Ice Cream in the US Navy During WWII

Airman eating ice cream ww2

A Dark Day Turns Sweet

July 1, 1914, marked a sad day for the US Navy. On this day, General Order Number 99 banned alcohol on all naval premises, casting a shadow over the spirits of many sailors. In search of comfort, they turned to an unlikely hero: sugar. Among the many sweet treats, ice cream emerged as the clear favorite, quickly becoming more than just a dessert; it was a slice of home, a morale booster in the tumultuous times of World War II.

As World War II intensified, the US Navy faced the challenge of maintaining high morale among its sailors. Despite sugar shortages, the Navy equipped every large vessel with a special room dedicated to storing ice cream. This sweet treat was served in the Gedunk bar, a snack bar aboard naval vessels, where sailors lined up eagerly for their share. It was clear: ice cream was in high demand.

The Vought F4U Corsair was a multi-role aircraft: fighter, ground attacker, and ice cream maker
The Vought F4U Corsair was a multi-role aircraft: fighter, ground attacker, and ice cream maker

Morale on a Spoon

James Forrestal, the Secretary of the US Navy, recognized the power of ice cream. He saw it as an essential morale booster, so much so that he prioritized its distribution above all else. Forrestal’s memos, filled with serious discussions on ice cream, underscored its significance. He knew that something as simple as ice cream could have a profound effect on the men’s spirits, especially in the months leading up to the war’s end.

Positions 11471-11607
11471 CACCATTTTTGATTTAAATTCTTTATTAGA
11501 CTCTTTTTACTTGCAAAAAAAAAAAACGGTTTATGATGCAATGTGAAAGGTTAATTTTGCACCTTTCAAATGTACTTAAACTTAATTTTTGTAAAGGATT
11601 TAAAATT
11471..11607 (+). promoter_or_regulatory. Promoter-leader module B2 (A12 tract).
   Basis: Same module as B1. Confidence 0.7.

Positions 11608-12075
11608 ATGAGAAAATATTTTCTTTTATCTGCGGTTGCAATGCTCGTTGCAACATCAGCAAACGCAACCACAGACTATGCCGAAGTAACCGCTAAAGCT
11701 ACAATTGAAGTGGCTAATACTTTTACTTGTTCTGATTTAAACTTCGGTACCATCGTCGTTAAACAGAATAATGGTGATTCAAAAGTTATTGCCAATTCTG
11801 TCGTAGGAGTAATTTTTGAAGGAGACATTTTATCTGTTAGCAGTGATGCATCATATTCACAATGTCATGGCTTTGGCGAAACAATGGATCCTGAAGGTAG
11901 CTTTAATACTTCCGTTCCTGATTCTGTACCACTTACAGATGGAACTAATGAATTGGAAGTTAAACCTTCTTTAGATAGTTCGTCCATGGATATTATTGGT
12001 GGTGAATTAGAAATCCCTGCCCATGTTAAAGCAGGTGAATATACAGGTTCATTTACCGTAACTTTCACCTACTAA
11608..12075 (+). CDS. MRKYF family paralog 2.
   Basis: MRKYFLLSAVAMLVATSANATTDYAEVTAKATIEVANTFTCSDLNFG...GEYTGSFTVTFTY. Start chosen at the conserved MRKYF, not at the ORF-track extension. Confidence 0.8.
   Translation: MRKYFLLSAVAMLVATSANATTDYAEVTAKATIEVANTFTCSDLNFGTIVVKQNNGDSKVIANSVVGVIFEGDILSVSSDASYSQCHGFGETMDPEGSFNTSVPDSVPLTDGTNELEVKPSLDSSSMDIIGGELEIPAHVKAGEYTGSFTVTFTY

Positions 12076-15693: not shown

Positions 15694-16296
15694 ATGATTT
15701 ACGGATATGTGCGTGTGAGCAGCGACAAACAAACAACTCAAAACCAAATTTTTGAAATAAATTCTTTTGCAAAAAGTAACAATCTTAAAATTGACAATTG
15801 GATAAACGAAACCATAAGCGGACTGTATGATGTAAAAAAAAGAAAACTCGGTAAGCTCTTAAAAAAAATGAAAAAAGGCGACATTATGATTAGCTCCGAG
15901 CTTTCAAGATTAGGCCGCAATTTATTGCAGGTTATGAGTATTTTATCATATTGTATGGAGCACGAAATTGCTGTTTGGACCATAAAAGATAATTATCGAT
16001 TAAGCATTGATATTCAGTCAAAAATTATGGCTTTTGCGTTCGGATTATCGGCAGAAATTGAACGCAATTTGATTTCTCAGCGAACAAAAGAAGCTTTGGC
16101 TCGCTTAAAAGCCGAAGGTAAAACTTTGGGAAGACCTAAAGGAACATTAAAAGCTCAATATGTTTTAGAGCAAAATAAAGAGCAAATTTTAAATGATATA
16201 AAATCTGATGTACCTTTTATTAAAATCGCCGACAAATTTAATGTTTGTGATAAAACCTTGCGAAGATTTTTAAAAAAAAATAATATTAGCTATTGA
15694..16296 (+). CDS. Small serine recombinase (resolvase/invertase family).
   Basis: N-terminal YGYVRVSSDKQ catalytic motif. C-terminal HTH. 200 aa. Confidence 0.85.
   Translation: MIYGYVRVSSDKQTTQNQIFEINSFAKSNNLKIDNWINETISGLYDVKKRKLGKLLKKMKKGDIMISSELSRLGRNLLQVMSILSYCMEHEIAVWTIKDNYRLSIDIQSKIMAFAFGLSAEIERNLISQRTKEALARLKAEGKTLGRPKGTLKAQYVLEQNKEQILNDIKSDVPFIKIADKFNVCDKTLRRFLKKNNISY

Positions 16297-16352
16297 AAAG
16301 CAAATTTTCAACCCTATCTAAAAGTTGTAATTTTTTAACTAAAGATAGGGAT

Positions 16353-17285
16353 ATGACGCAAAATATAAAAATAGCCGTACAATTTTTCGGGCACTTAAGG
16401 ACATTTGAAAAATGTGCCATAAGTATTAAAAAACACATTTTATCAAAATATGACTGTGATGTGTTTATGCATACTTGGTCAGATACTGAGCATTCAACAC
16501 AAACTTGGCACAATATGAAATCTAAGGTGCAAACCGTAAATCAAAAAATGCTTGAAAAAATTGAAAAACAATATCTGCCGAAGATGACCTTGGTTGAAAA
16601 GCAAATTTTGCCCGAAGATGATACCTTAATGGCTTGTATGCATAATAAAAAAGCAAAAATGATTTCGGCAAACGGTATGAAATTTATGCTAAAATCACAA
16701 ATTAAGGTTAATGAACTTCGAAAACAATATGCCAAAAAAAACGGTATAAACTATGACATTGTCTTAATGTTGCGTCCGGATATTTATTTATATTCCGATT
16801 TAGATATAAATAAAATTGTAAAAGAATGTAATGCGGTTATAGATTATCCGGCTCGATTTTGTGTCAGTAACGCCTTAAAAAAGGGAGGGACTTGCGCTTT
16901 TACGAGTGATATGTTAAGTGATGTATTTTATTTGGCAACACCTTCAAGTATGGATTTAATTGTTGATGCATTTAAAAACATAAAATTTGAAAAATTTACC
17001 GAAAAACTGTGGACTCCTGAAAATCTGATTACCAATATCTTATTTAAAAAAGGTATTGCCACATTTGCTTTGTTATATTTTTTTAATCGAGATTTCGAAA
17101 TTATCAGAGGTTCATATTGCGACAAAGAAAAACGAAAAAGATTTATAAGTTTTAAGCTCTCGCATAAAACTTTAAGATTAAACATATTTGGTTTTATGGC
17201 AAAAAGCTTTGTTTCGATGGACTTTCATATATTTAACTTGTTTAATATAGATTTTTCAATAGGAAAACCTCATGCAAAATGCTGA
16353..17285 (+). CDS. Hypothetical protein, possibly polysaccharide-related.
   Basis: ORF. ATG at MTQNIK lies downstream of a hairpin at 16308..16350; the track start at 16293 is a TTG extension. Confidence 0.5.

In July 1945, the Navy took its dedication to ice cream to the next level with the release of the Ice Cream Report. This comprehensive document detailed the supply of 48 million pounds of ice cream mix powder and the installation of around 48 ice cream machines across the Pacific fleet. It was an ambitious plan, aiming to ensure that sailors had their fill of this comforting treat.

Ingenuity at Sea

The story of J. Hunter Reinberg, a US Marine Fighter Squadron Commander, highlights the lengths to which the military went to provide ice cream. Faced with the challenge of making ice cream in the tropical heat of Peleliu in 1944, Reinberg’s team got creative. They converted waterproof cans used for storing .50-caliber bullets into makeshift ice cream churners, attaching them to the wings of a Corsair plane. After a short flight, they had successfully made 10 gallons of chocolate ice cream, much to the delight of Reinberg’s squadron.

The craving for ice cream wasn’t limited to the Navy. B-17 crews in Europe and the US Army in Germany also found ways to produce this treasured dessert. From churning ice cream in tail gunner’s turrets to setting up makeshift ice cream factories near the frontlines, every branch of the military found a way to indulge in this simple pleasure.

Sailors get ready to enjoy some ice cream and cake